The last reduction
Digital trickery isn’t restricted to Beowulf and 300. John Dahl used CGI to knock millions off the budget for this new thriller, You Kill Me. It’s just another way to tell a story, he tells Barry Roche
JJohn Dahl, maker of the 1990s thrillers Red Rock West and The Last Seduction, knows how to surprise an audience. And he didn’t disappoint those who attended his public interview at this year’s Cork Film Festival, where he revealed some of the secrets behind the filming of his latest movie, You Kill Me.
Describing the background to the blackly comic thriller starring Ben Kingsley, Dahl disclosed that it had cost all of $4 million to make. The audience seemed momentarily stunned, as You Kill Me has the look and feel of a movie that cost 20 times that amount.
Later Dahl, a rangy 51-year-old from Montana, explains that he was able to make the film so cheaply thanks to a tight 25-day shooting schedule, use of local crews on location in Winnipeg, and, most surprisingly for a director who places such emphasis on narrative, clever use of the latest technology. You Kill Me doesn’t trumpet its use of CGI, but digital effects enabled him to realise the wickedly funny screenplay so convincingly within budget.
Much of the film is set in Buffalo, New York amid snow-covered streets. Dahl details which scenes were shot with real snow in Winnipeg and which were shot using CGI. He allows himself a modest smile when I comment that it doesn’t look like a film that uses digital effects.
“I think CGI has just become another tool that people use, and it’s almost weirdly a return to the old film-making of the 1930s, where they would set up a wide shot, say in Monument Valley, and the painter would paint clouds on a piece of glass which they would set up in front of the camera.”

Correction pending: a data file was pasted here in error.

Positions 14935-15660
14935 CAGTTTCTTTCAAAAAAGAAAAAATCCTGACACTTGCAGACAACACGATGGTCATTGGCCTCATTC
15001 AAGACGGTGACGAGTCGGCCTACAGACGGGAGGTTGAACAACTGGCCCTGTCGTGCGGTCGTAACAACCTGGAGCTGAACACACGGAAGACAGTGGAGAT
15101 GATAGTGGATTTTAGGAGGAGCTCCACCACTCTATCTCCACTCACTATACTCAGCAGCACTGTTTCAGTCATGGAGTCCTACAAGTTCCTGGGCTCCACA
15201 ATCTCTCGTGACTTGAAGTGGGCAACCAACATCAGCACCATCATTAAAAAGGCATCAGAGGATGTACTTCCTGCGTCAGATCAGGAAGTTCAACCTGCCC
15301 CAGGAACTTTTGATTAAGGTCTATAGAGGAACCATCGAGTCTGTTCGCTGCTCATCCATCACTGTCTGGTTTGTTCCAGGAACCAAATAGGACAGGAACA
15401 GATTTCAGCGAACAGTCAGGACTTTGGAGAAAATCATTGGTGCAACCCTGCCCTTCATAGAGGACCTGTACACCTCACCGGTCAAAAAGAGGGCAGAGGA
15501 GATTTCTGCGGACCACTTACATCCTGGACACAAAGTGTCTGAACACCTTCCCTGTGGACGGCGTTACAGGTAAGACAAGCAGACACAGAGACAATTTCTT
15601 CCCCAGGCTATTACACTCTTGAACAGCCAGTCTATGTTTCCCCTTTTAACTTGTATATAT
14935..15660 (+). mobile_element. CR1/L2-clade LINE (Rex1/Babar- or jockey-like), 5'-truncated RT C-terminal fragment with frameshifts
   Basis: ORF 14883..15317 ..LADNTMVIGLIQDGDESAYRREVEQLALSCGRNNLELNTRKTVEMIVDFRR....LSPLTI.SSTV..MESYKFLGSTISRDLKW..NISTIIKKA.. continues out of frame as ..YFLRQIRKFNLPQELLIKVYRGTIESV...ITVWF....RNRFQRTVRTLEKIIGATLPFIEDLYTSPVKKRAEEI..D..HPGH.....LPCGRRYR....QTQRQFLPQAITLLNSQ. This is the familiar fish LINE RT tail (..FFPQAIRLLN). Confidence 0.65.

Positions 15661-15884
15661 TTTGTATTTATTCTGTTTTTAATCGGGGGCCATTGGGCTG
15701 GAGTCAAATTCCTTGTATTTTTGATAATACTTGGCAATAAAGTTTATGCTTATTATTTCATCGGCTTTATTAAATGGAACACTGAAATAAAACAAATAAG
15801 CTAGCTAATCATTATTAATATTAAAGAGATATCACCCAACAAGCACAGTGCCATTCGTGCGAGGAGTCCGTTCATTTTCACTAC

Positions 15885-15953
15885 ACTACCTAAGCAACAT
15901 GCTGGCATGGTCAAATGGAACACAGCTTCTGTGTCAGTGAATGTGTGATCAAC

The technology is continuing to improve and the savings are increasing exponentially, he adds. For example, some 250 digital effects on Dahl’s underrated war movie The Great Raid cost $1 million, while the 230 shots in You Kill Me totalled just $100,000.
“The technology is getting better and cheaper,” Dahl says. “We edited The Great Raid on an Avid, a very common editing system in Hollywood. To buy one new costs over $200,000, so two of them costs you $500,000. We edited You Kill Me on a Macintosh laptop with Final Cut Pro for about $10,000.”
Not that everyone was always convinced about using CGI. Kingsley, who carries the film with his engaging portrayal of an emotionally awkward alcoholic hitman who is sent to San Francisco to dry out, was initially less than enthusiastic about performing before a green screen. “I remember saying to Ben that we weren’t actually going to shoot the bridge scene on the Golden Gate Bridge and it’s going to be green screen. He said, ‘Oh, I hate green screen’. And I said, ‘Well, they’re not going to allow us use the bridge, so get used to it’.
“Ten years ago,” Dahl says, “the special effects were pretty hokey but the ability to do them has improved. That said, it’s still all about storytelling. Movies for me are still about somebody telling a story that engages and excites me. Using CGI is just another way to tell the story.”
money: director John Dahl (left) and
Ben Kingsley and Tea Leonie in You Kill Me